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Training Movement, Not Isolated Muscles

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The new ACE Integrated Fitness Training™ (ACE IFT™) Model provides an innovative, systematic and comprehensive approach to achieve results with any client. The model integrates strategies to facilitate rapport, adherence, self-efficacy and behavior change with assessments and programs based on the latest research to improve posture, movement, flexibility, balance, core function, cardiorespiratory fitness, muscular endurance and strength.

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If trainers could wave a magic wand, they would train isolated muscles and give their clients what they want: “Buns of steel” and “six-pack abs.”

But trainers know that muscles don’t work in isolation. It can be tough to educate clients that movement-based training is critical to making any physical improvements: From burning more calories, improving overall strength and gaining more flexibility.

In this article, Pete McCall, exercise physiologist and a member of the Academy Department at the American Council on Exercise, will discuss the notion of movement-based training rather than training isolated muscles and offer some specific examples of why one is more beneficial than the other.

This concept is introduced in more detail in ACE’s new Integrated Fitness Training™(ACE IFT™) exercise program design model, specifically designed to help trainers attract new clients and retain existing ones by offering time-bound expectations and fitness goals that can be easily communicated and understood.

Why do movement-based training?

“The benefits of movement training are enhanced client coordination and motor control, which can be a more immediate benefit from exercise than weight loss or muscle gain,” said McCall. “ Using more muscles during a training session expends more calories, so movement-based training also helps burn calories.”

Understanding Movement Training as Part of the ACE IFT™ Model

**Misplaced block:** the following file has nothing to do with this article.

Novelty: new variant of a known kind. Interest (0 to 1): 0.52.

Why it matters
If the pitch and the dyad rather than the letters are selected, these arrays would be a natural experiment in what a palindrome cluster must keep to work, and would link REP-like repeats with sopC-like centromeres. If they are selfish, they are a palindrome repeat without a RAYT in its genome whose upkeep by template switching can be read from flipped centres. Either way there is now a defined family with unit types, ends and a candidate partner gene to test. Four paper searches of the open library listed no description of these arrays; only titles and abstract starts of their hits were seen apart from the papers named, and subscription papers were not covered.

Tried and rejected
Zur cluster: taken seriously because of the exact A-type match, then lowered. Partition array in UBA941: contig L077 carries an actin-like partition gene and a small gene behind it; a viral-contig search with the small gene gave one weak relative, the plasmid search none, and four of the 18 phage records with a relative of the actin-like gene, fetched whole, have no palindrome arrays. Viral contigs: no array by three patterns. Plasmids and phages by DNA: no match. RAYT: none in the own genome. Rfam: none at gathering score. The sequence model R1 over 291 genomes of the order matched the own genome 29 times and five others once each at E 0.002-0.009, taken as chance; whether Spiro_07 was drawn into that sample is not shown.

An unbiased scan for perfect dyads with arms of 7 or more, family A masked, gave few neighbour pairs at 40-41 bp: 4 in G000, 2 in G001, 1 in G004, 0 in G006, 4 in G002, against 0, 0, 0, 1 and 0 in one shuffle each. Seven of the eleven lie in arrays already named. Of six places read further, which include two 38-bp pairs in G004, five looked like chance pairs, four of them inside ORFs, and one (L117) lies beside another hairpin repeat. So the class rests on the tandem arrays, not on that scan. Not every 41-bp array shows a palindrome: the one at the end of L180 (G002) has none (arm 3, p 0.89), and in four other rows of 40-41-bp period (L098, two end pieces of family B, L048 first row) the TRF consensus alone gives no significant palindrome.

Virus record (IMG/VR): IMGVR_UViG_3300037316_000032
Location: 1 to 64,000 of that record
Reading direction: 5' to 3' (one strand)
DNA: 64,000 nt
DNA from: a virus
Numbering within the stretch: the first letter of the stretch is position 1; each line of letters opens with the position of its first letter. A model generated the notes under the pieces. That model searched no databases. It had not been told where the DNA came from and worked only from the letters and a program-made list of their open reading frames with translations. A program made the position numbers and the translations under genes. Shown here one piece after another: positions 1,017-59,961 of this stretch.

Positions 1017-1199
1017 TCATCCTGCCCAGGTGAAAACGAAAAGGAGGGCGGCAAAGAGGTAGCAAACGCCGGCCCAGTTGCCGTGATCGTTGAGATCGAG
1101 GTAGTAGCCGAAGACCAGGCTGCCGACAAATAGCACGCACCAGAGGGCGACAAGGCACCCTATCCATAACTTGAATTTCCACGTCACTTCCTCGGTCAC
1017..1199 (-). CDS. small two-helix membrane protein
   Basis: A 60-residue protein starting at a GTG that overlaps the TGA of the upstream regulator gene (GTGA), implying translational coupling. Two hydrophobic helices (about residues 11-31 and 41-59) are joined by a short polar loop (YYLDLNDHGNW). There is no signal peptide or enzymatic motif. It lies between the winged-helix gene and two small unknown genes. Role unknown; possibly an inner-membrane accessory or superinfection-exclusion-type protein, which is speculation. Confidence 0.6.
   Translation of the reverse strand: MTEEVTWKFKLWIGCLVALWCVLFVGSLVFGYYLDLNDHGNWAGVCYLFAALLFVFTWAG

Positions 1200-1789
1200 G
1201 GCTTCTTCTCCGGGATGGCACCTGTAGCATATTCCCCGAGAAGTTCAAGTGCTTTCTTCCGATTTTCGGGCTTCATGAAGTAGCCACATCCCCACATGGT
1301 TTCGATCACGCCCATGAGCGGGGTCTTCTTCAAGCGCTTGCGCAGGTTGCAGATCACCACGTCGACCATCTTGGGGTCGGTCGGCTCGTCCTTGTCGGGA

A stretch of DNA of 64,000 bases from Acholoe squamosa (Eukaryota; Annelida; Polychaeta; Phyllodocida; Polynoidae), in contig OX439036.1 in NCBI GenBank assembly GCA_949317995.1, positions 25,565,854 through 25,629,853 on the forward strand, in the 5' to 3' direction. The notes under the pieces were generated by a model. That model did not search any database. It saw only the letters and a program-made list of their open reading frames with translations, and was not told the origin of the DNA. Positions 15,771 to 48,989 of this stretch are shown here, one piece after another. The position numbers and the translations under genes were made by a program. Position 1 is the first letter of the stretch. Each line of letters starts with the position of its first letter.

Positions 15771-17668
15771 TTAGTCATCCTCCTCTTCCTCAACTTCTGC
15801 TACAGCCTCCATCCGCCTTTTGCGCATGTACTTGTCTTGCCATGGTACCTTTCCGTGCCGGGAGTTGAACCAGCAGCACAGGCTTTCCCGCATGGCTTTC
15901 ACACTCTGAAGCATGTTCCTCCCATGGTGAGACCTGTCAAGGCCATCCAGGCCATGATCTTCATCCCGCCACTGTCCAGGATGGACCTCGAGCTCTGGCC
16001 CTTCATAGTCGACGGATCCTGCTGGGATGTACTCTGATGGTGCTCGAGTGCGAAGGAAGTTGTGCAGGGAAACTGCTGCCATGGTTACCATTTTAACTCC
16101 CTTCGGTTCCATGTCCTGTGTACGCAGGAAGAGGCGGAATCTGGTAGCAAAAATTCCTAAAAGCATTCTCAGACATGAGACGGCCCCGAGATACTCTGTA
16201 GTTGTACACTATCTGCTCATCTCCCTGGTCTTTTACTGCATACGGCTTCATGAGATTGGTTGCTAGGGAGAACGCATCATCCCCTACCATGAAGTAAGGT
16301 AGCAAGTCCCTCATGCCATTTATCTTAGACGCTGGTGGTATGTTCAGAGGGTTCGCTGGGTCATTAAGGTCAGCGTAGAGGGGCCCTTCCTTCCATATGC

Trainers understand that muscles don’t work in isolation and that movement occurs as result of many muscles working together. Therefore, it makes sense to train movements and not muscles. If you explain this concept to your clients, it will help them better understand why you don’t focus on ‘problem areas’ (such as a firmer butt or tighter abdominals) alone. This, in turn, will enhance your communication and credibility with your clients.

That said, good movement pattern training should always follow assessments and training for postural and joint stability and mobility.

Under the ACE IFT™ Model, there are four phases:

Phase 1: Stability training and mobility training:

Low-intensity exercises to improve balance, muscular endurance, core function, flexibility and static and dynamic balance to improve posture.

Phase 2: Movement Training (the focus of this article):

This phase of training involves teaching patterns for the five primary movements (bend-and-lift, single-leg, pushing, pulling, and rotational).

Phase 3: Load Training:

Muscle force production focusing on goals such as muscle hypertrophy or muscle endurance, or simply to improve body composition and look more fit.

Phase 4: Performance Training:

Specific training to improve speed, agility, quickness, reactivity and power reserved for athletic clients or those with performance-oriented goals.

What does Movement Training Entail?

The idea of movement training is to teach your clients proper pattern sequencing focusing on the five primary movements:

  1. Bend-and-lift movements (squatting)